Digital transformation efforts stymied by underinvestment in people

Commentary: According to a Flexera CIO survey, companies aren't focused nearly enough on re-skilling employees.

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For any digital transformation effort, there are two primary considerations: People and data. As I've written, too many enterprises rush to embrace data science yet discover they can't manage the "science" without first spending a lot of effort prepping their "data." However, there's an even more fundamental gap, one that leads to better data but isn't getting the attention it deserves within the enterprise. As a new Flexera CIO survey indicates, companies rushing to embrace digital transformation may not be investing enough in their people

SEE: Digital transformation: An IT pro's guide (TechRepublic download)

People are people

Over the years, we've watched waves of technology trends break on the walls of culture, which is another way of saying "people." The big deal in big data? Cultural transformation. The biggest hurdle to DevOps? Also culture. In tech we like to make believe that change is just a software upgrade away, but truly fundamental change comes from people.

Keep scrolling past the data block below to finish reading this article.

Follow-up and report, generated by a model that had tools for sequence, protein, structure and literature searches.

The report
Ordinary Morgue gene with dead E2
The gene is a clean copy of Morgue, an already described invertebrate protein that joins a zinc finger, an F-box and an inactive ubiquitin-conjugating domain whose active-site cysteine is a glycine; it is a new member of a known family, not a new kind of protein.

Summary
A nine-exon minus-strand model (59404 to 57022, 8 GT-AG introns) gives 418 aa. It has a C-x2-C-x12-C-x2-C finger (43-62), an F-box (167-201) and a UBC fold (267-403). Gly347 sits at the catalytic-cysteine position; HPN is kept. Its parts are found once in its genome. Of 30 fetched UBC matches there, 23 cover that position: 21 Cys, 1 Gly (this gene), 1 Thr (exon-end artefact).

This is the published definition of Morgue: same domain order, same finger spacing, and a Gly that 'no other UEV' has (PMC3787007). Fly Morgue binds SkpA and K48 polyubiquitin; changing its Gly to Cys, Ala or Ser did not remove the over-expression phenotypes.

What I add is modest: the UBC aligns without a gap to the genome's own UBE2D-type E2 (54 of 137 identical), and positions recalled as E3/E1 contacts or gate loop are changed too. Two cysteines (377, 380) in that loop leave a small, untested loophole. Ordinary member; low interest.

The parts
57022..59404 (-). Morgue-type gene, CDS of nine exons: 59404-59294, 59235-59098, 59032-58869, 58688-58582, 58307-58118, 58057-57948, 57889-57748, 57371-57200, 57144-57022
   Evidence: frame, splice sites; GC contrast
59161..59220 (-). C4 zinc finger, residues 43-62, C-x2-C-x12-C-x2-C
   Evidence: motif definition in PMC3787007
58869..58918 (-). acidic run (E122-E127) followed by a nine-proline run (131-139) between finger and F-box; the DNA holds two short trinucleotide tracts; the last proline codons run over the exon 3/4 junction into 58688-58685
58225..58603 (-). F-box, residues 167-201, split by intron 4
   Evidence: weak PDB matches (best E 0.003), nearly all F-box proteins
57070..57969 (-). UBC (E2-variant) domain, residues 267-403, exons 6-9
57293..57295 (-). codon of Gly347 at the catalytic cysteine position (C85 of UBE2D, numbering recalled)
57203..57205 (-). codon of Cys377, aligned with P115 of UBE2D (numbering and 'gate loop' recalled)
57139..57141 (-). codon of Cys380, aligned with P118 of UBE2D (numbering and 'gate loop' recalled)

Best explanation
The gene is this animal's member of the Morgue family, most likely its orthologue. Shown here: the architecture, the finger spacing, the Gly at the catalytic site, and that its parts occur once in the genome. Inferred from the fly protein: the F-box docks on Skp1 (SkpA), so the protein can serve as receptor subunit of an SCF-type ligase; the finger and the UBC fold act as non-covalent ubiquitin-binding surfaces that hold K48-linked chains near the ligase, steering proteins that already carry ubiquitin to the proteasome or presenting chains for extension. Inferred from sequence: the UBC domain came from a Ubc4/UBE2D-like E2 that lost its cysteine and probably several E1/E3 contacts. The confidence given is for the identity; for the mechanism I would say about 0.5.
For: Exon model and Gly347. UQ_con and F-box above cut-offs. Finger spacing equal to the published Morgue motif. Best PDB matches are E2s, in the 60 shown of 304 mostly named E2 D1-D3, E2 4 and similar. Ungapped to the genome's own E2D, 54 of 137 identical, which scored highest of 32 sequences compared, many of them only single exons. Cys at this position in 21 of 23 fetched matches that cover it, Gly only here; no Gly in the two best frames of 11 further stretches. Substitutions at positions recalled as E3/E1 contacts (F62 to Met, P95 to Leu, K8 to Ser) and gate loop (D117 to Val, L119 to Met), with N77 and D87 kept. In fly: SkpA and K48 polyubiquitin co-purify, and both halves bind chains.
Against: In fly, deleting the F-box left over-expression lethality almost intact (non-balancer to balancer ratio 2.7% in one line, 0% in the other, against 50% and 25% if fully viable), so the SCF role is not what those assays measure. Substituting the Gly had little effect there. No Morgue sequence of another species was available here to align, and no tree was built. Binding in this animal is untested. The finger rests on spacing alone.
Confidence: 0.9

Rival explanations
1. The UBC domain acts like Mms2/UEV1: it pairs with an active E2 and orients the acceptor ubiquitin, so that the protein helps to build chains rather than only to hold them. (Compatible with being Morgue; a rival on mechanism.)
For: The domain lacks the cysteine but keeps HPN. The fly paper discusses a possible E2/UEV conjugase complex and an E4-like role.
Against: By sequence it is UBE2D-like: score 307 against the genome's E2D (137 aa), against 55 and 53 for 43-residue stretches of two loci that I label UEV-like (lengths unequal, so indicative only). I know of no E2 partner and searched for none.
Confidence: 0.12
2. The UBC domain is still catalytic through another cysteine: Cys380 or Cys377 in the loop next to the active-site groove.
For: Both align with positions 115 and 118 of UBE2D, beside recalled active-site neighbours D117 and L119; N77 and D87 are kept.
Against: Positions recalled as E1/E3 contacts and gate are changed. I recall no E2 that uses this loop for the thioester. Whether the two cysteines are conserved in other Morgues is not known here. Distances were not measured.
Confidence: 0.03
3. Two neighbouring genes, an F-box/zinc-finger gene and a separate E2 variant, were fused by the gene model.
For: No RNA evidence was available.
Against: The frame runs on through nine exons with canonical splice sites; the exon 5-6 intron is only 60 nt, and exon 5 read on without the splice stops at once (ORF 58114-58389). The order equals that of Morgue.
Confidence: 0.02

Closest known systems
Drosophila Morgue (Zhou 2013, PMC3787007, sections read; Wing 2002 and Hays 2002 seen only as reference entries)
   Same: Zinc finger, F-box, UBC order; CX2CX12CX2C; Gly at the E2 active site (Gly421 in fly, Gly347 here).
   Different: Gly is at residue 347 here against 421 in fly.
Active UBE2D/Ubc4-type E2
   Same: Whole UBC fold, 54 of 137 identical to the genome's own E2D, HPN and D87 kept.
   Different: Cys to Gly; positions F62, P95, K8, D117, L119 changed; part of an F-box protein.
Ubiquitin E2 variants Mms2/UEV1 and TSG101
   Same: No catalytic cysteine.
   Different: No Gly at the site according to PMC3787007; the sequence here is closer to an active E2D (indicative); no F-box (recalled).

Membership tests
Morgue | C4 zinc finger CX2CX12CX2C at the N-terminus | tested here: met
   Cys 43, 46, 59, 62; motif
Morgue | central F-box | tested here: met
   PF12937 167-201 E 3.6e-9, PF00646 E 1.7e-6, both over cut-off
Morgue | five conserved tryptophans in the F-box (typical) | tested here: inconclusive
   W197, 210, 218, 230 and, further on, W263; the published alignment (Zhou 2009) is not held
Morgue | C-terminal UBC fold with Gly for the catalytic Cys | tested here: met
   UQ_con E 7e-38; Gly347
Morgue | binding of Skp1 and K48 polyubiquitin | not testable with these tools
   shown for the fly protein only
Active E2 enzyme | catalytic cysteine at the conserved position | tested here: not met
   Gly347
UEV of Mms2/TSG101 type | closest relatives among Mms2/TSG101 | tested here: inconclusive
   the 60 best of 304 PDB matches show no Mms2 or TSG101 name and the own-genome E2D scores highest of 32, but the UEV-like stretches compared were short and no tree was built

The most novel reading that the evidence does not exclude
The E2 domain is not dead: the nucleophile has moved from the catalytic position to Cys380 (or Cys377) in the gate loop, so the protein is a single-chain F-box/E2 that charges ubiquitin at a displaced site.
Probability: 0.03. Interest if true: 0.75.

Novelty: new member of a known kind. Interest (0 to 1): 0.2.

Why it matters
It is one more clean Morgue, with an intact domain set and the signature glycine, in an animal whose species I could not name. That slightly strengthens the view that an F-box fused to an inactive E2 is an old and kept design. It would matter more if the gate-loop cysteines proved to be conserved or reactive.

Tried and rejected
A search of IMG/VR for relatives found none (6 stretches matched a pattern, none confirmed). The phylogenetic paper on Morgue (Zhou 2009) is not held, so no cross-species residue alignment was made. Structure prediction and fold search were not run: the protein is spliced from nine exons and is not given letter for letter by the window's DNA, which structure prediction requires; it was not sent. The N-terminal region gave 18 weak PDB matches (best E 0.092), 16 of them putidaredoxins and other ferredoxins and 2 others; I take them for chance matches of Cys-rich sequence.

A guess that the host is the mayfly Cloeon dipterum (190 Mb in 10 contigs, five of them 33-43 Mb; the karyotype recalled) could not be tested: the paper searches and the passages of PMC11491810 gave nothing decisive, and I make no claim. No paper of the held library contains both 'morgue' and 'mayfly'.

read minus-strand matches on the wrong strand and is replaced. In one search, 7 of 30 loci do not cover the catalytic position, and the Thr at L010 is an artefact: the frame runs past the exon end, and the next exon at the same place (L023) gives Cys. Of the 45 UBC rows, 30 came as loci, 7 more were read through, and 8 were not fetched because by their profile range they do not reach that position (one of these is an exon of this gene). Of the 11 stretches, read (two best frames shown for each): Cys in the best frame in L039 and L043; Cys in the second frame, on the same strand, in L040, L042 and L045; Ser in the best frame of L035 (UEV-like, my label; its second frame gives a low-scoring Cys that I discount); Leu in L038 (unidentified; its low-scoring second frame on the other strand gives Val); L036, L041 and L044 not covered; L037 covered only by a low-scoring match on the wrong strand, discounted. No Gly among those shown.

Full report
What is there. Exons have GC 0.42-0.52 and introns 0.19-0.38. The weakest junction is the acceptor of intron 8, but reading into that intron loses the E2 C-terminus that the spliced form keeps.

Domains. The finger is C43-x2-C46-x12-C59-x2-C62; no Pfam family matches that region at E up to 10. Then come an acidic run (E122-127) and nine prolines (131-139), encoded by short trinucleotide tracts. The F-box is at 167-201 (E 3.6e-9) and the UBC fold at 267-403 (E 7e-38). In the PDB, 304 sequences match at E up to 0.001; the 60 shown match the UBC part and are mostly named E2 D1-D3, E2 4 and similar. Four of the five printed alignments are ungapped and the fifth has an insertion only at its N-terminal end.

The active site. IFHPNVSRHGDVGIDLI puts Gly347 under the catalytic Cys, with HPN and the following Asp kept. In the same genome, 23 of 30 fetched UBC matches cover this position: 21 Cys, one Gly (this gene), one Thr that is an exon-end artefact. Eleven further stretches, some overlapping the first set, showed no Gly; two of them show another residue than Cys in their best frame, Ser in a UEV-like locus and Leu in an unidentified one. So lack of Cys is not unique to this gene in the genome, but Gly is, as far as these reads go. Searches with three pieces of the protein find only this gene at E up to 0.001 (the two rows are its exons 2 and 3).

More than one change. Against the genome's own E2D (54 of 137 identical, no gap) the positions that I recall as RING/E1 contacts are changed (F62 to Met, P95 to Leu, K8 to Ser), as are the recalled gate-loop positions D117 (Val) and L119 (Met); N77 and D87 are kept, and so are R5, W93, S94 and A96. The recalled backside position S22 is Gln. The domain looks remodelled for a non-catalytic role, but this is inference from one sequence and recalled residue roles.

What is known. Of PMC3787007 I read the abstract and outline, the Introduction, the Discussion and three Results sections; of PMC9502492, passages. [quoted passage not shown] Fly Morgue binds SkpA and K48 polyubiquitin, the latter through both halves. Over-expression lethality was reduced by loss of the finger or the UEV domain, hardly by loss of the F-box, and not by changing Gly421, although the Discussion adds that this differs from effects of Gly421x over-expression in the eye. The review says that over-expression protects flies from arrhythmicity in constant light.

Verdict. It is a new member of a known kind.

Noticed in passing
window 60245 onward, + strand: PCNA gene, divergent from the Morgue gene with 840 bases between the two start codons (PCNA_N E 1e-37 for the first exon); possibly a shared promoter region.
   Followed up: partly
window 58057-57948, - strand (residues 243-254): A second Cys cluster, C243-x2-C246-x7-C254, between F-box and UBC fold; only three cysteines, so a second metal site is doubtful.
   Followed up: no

As such, it's a little disappointing to see that while enterprises are doing reasonably well in terms of the maturity of their technology or customer experience, according to the Flexera survey, their lowest-rated area of maturity is "workforce re-skilling" (Figure A).

Figure A 

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Image: Flexera

Sure, 84% expect to increase investments to upskill existing employees, but just 26% plan to do so "significantly." The remainder (58%) merit a "somewhat increase." And while it makes sense that the top driver of digital transformation would be customer experience, it's not particularly comforting that these IT executives may not perceive the connection between their people and the ability to actually pull off the transformation, with workforce re-skilling barely on the radar (Figure B).

Figure B

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Image: Flexera

Later in the report, 89% of CIOs surveyed bemoan a lack of "good quality data" as an impediment to quality decision-making. I'm sure they're right, but equally sure that investments in their people would both help them to gather better data and to make better use of the data already available.

Disclosure: I work for AWS, but nothing herein relates to my employment there.

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